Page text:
Blackout Saturday, indeed: I lost consciousness early in the game when Western Michigan completed a pass against DeAngelo Hall -- the shock of seeing it was too much to handle. I consulted my history books to see when the last time that happened was, and Virginia Tech Sports Information Director Dave Smith informed me that VT's football records don't go back that far.
A clinic in blitz-blocking: Early in the second quarter, Western Michigan completed a 42-yard bomb against a fierce Hokie rush. Tech rushed seven players, and WMU picked up every single one of them, enabling Jon Drach to heave the long ball downfield. He made a perfect throw, and WMU receiver Chris Chestnut caught the pass over Tech's Billy Hardee.
Wonder what he said? On 2nd and inches for Western Michigan, with 4:13 to go in the second quarter, DeAngelo Hall dropped an easy interception, at least the second one he has dropped this year (LSU was the other one I can recall). As he sat on the turf, safety Willie Pile gave him an earful, no doubt saying something like, "DeAngelo, my good man, if you're desirous of capturing that wonderful Thorpe Award, I would recommend that you corral the pigskin when given such a golden opportunity. Good luck next time, young fellow." Either that, or he screamed, "Catch the $#&% ball!!!"
A surreal moment: The VT reaction after Alex Markogiannakis returned a fumble was positively … sleepy. Cols Colas jumped around a bit, but other than that, the entire VT team, including Marko himself, just sorta yawned their way through it. It was weird to see the subdued "celebration," to say the least. I thought I was watching a Packers game from the 1960's.
One note about Marko's fumble return: if you watch the tape, he clearly picked the ball up on the 33-yard line and returned it for a score. But the official scorer called it a 25-yard fumble return for a TD. Had he been credited with the full 33 yards, he would have scored enough to win the TSL Extra Defensive Player of the Week (see above) outright, instead of tying with Cols Colas.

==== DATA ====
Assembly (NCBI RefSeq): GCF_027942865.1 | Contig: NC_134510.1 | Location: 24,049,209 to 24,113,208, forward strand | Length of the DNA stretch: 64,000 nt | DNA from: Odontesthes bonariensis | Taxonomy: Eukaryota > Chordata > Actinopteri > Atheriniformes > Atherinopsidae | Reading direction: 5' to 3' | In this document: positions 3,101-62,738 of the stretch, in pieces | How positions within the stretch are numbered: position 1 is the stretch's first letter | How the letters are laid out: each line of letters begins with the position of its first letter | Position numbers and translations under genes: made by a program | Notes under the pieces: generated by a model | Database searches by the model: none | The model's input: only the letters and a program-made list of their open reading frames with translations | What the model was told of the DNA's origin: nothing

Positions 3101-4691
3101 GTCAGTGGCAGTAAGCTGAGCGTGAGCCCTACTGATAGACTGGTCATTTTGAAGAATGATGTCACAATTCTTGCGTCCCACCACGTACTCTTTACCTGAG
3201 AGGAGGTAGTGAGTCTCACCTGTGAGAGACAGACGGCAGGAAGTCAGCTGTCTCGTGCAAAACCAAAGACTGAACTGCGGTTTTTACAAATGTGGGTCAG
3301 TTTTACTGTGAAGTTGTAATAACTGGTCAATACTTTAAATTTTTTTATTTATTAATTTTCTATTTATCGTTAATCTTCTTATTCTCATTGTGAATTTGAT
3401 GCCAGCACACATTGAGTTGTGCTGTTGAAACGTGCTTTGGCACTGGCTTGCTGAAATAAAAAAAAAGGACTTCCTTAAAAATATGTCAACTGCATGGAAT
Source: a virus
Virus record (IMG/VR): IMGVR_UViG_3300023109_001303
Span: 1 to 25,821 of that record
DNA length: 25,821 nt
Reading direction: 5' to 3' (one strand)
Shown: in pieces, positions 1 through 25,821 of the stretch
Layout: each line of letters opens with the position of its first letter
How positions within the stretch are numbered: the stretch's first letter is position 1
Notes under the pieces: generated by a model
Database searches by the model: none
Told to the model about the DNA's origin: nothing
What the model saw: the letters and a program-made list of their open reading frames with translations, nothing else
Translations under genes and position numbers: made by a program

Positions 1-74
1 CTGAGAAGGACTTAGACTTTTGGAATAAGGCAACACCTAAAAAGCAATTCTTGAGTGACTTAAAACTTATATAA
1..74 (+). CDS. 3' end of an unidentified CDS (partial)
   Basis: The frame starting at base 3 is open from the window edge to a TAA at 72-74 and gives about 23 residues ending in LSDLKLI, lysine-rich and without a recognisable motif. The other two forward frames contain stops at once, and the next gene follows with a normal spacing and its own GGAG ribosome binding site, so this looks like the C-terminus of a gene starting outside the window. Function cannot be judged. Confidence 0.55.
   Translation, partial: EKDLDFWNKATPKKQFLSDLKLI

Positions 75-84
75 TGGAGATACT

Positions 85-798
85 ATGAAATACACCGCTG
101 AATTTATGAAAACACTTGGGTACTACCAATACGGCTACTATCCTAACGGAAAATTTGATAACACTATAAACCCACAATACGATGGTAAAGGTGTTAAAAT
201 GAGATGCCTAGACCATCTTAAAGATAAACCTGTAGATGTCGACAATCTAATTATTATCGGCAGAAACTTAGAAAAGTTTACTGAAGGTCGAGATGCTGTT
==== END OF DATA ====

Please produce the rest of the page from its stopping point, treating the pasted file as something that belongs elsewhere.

Randall's got a gun: With 6:54 to go third quarter, on first down no less, Bryan Randall threw a play-action bomb to Richard Johnson. Johnson twisted around to get to the ball, fell down, and almost made a heck of a catch. Worth noting is that Randall threw it 54 yards in the air.
Left hand, meet right hand: The ESPN play-by-play announcer kept calling VT linebacker Vegas Robinson "Vegas Ferguson." At one point late in the third quarter, the play-by-play guy called him Ferguson, the color announcer called him Robinson during the replay, and the play-by-play guy called him Ferguson again right after that.
The speed difference: on his 28-yard shovel-pass TD, Lee Suggs showed his superior speed by turning the corner and outrunning at least four WMU players who seemed to all have the angle on him. TV can be deceiving, but Suggs looked fast.
Next Up: Boston College
Once again, the Thursday night spotlight shines on the Hokies, as they play their third straight road game, this one against Boston College on October 10th. The Hokies have won six in a row over the Eagles, and you've got to wonder if this year is Boston College's year to finally knock off the Hokies.
We'll return next week with a BC preview.